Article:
Material discharge should be no burning issue for battery manufacturers

In 2023, the New York City Fire Department mounted a 200-firefighter operation to put out a massive residential blaze. It was only one of 130 fires in a year caused by a lithium-ion battery failure.

LIB devices catch fire when dendrite formation punctures the membrane separating the electrodes, shorting the circuit. The thermal pressures that develop from this excessive flow of current only need milliseconds to release the energy packed in the battery cells and explode.

If a battery containing a few grams of chemical solutions is enough to mutate a phone into a pocket bomb, handling the materials in bulk can turn a battery production facility into an inferno.

top view of Lithium-ion battery on white surface

Exposure to impurities is playing with fire

The risks of combustion are especially high during the discharge process. Many of the production steps are performed in a contained environment, but the dispensing areas expose the materials to the elements.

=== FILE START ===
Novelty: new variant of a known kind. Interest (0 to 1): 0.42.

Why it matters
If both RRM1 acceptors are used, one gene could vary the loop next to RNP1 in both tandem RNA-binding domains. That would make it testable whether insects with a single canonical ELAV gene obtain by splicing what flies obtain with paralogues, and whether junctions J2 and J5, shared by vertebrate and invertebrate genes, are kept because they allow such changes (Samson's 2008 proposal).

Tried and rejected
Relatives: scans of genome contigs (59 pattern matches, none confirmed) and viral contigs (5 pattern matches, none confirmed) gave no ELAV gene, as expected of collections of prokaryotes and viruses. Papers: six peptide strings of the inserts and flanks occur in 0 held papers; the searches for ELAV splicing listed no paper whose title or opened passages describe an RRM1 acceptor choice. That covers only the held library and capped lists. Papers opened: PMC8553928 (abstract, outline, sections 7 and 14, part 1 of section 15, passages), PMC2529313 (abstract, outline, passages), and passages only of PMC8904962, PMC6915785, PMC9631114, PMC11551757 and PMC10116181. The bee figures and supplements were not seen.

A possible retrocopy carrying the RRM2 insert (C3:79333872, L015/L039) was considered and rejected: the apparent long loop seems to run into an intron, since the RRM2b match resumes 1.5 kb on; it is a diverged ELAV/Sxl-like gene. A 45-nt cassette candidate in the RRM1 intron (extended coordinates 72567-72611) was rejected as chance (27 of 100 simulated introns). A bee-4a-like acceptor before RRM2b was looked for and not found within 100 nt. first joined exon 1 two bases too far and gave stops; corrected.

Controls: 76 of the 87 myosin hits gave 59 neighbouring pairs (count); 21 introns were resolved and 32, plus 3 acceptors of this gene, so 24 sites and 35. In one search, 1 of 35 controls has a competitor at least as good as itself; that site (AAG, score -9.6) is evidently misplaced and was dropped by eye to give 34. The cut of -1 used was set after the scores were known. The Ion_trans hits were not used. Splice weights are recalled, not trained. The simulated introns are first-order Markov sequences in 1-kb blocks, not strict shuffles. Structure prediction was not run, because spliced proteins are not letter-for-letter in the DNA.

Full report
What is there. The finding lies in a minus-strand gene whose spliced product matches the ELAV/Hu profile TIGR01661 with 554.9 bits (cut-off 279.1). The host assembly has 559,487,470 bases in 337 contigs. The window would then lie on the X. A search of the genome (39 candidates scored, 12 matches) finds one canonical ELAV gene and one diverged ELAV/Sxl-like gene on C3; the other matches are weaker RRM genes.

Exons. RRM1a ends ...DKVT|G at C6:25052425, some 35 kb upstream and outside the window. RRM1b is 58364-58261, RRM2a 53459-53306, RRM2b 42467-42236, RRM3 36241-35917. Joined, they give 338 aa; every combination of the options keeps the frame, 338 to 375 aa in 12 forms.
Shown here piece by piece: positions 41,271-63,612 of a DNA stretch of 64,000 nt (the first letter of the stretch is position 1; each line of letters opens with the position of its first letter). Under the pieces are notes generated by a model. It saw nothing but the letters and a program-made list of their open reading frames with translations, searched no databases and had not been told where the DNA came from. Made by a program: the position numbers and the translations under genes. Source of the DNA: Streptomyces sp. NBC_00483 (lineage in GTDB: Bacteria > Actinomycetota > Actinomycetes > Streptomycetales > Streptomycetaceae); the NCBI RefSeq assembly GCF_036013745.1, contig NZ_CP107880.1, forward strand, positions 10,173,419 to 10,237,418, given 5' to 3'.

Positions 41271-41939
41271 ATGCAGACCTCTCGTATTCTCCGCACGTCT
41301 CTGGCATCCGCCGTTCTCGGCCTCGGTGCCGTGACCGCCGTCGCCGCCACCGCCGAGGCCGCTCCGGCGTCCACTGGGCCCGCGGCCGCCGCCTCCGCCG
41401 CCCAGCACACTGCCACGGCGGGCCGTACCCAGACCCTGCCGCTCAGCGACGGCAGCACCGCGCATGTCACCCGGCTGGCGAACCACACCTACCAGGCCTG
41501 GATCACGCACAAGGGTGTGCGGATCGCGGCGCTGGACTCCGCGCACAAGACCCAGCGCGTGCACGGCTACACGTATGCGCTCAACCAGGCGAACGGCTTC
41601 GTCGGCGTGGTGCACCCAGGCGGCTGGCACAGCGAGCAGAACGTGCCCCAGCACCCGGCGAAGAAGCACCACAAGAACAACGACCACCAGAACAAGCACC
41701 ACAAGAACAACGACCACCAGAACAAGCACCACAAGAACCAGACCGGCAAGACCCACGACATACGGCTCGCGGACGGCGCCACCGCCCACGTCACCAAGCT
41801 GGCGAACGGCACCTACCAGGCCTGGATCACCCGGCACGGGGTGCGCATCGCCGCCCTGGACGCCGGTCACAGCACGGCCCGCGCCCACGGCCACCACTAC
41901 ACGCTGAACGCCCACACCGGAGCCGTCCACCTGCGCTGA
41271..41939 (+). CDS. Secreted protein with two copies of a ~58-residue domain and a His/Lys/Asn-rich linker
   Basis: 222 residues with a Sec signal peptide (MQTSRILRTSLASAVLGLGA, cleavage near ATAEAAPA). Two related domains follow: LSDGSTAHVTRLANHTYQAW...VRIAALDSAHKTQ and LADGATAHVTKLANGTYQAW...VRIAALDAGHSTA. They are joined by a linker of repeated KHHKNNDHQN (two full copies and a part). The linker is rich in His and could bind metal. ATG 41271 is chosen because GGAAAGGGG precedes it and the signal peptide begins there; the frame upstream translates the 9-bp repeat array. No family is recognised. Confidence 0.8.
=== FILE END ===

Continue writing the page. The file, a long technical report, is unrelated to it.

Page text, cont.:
If airborne particles and oxygen come into contact with the mixture, they destabilize the delicate chemical composition. Given the power density per batch, a small amount of impurities is enough to generate unforeseen reactions that could quickly burst into flames.

But in theory, such accidents are preventable. Handling materials in a closed system should keep them away from contamination.

It is Andocksysteme’s job to translate this theory into practice. The containment technology company is at the forefront of safe handling solutions.

A closed system is as strong as its high-containment valve

The risk profile of battery production mixtures hinges directly on the valve interface. In fact, discharge stations are the Achilles heel of a closed system and quality valves keep the process safe.

The perfect valve technology for battery manufacturers involves multiple layers of protection against contamination. The construction material is critical, which is why Andocksysteme builds its interfaces from inert stainless steel.

Another crucial factor is seal technology. With a reliable locking mechanism and tight-fitting seals the active-to-passive valves match together perfectly to avoid cross-contamination of these toxic fine powders. Moreover, the valve system must integrate into an automatic dispensing process typically deployed by manufacturers.

Seamless high-volume production is vital to an industry that is growing so fast. Indeed, the LIB manufacturing market is on fire. The right containment technology ensures that hazardous substances (powders) are transferred safely and operators are well protected.

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